The sound of the number 8 is a reason Chinese are obsessed with it
“Yao de fa, bu li ba” (If you want to be wealthy, don’t be without the number 8) - Mandarin Chinese saying
It’s amazing what a little rhyme can do to set a tradition.
Eight is the magic number - or, at least, the propitious numeral - in Chinese culture that sets up opportunities of great fortune. “Ba” (8), sounds like “fa” (prosperity and good fortune). In Cantonese, it’s “bat” and “fat.” The more 8s, the better, so it’s no surprise that tomorrow’s opening ceremonies of the Summer Olympics in Beijing will start at 8 p.m. China time, 8 minutes and 8 seconds after the hour, on Aug. 8, 2008.
This is China’s grand coming-out party, an auspicious occasion for a developing Asian power that wants to show off its immense resources - namely its people and strong work ethic.
But it doesn’t hurt to hedge your bets, in light of the human rights issues surrounding Tibet and the tragic May earthquake in Sichuan.
It’s been reported that the original starting date for the Summer Games was July 25. Chinese officials, however, told the International Olympics Committee that the weather wouldn’t be at its best - too hot, with the threat of rain creating muggy conditions. OK, how about August? Well, not too late in the month, as American networks start turning their attention to the start of the lucrative professional football season. Ah, then Aug. 8 would be a “perfect” compromise date.
The number 8 in popular culture:
The song “Lose Yourself” from Eminem’s gritty movie “Eight Mile” won the Academy Award in 2003. Federico Fellini made a classic movie titled “81⁄2” with Marcello Mastroianni in 1963. It won two Oscars. “Eight Below” focused on a team of explorers and scientists in frigid conditions barely surviving their mission with their sled dogs. “Eight Miles High” detailed the life of a German supermodel in the 1960s and early ’70s. Then there’s the little remembered Samuel L. Jackson movie “One Eight Seven.” But who could forget Eddie Murphy and Nick Nolte in “48 Hours”? And, of course, don’t forget David Arquette and Scarlett Johansson in “Eight Legged Freaks.” — Katherine Nichols
In addition to its sound-alike connection with financial success, 8 is important in Chinese history and folklore - in stories about the eight fairies who represent the attributes of loyalty, filial love, benevolence, love, faith, virtue, peace and harmony, for example.
“There are about 50 pages in the Chinese dictionary with about 500 phrases, relating to the number 8,” said Philip T.Y. Wang, director general of the Taipei Economic and Cultural Office.
IT WOULD be easy to write this all off as superstition - but there is a method to all of this that’s deeply rooted in China’s past.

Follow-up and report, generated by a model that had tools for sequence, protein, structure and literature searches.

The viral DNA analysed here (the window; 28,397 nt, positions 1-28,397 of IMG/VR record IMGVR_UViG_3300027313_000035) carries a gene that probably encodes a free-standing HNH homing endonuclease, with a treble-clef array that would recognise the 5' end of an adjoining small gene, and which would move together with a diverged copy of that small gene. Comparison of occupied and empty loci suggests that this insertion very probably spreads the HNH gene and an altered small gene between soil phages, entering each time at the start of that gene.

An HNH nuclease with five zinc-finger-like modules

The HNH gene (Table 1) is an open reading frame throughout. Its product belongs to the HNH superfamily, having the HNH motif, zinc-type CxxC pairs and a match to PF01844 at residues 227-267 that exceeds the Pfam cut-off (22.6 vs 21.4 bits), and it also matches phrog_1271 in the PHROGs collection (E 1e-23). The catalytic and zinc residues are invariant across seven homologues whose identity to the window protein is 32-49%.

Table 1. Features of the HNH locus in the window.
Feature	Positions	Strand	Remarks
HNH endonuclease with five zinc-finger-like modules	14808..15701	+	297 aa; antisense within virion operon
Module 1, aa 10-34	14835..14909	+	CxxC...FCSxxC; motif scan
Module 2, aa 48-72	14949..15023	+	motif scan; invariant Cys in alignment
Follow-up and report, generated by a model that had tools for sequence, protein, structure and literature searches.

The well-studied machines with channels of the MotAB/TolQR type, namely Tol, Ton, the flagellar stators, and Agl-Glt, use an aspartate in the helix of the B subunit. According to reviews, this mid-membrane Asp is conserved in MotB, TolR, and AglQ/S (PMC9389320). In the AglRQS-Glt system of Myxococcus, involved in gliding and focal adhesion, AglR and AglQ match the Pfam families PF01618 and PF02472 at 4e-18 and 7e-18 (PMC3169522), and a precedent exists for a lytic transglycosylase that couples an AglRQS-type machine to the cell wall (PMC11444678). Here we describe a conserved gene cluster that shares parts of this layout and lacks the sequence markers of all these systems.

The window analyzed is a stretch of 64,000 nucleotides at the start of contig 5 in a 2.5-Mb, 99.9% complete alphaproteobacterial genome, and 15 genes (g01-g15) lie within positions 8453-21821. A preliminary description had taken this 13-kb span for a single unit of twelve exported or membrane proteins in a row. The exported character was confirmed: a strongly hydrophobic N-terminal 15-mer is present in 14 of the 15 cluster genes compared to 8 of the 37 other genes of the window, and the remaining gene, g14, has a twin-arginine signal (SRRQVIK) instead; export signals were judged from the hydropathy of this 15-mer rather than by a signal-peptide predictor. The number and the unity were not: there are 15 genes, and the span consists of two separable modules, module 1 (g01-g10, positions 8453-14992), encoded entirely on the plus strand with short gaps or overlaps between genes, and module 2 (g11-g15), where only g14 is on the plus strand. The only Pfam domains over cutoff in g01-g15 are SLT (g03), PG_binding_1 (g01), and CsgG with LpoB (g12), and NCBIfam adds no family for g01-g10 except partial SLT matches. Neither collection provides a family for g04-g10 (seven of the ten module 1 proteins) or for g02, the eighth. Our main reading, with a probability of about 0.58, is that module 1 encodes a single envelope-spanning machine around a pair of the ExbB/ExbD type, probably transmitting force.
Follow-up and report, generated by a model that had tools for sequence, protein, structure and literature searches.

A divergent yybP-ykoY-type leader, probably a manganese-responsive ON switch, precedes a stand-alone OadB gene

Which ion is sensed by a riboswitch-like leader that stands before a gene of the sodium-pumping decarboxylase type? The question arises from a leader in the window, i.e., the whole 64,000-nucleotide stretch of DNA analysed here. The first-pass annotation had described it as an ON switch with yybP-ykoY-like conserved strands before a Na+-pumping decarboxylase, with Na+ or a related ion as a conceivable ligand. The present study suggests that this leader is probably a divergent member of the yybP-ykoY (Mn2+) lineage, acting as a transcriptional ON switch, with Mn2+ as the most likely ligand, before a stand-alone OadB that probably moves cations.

It’s more than just a phonetic connotation, said Laisin Lee, longtime host of the “Splendor Era” Cantonese-language news magazine radio show on KNDI AM, as well as founding president of the National Hong Kong Business Association and current president of the Hawaii International Real Estate Council.
She said it’s all based on the study of the interactive relationship between nature and humans, as observed by Taoist philosophers using the “I Ching,” or “Book of Changes,” as its foundation.
“The book uses eight trigrams that stand for changing transitional states in nature and related human attributes,” she said, “and it’s through meticulous cosmological and mathematical calculations that such a belief comes.”
Lee also said that feng shui - the ancient practice of manipulating the energies of nature to promote a harmonious environment - also comes into play. An authentic and sophisticated form of the art, called Flying Star Feng Shui, shows we’re in the midst of a particularly fortunate economic period, especially for Asian countries.
“It works in 16-year cycles, using the lunar calendar,” she said, “and the last cycle, the seventh one, ended in 2004. When the eighth period started in February of that year, it meant enhanced wealth and good luck for the East, as reflected in what’s happened economically in India and China.”
ALL OF THIS provides justification for the continued pursuit of wealth and prosperity. Besides a lucky license plate number, “in Hong Kong, you want to get as many 8s to make a lucky cell-phone number or apartment number,” Lee said. (In the spirit of disclosure, this reporter considers himself lucky, thanks to his condominium number of 1610 - when the numerals are added together, the tally is 8.)
“Believing in this brings a certain level of comfort to our minds,” Lee said, “and helps carry us through hard times.”
Staff writer John Berger contributed to this report.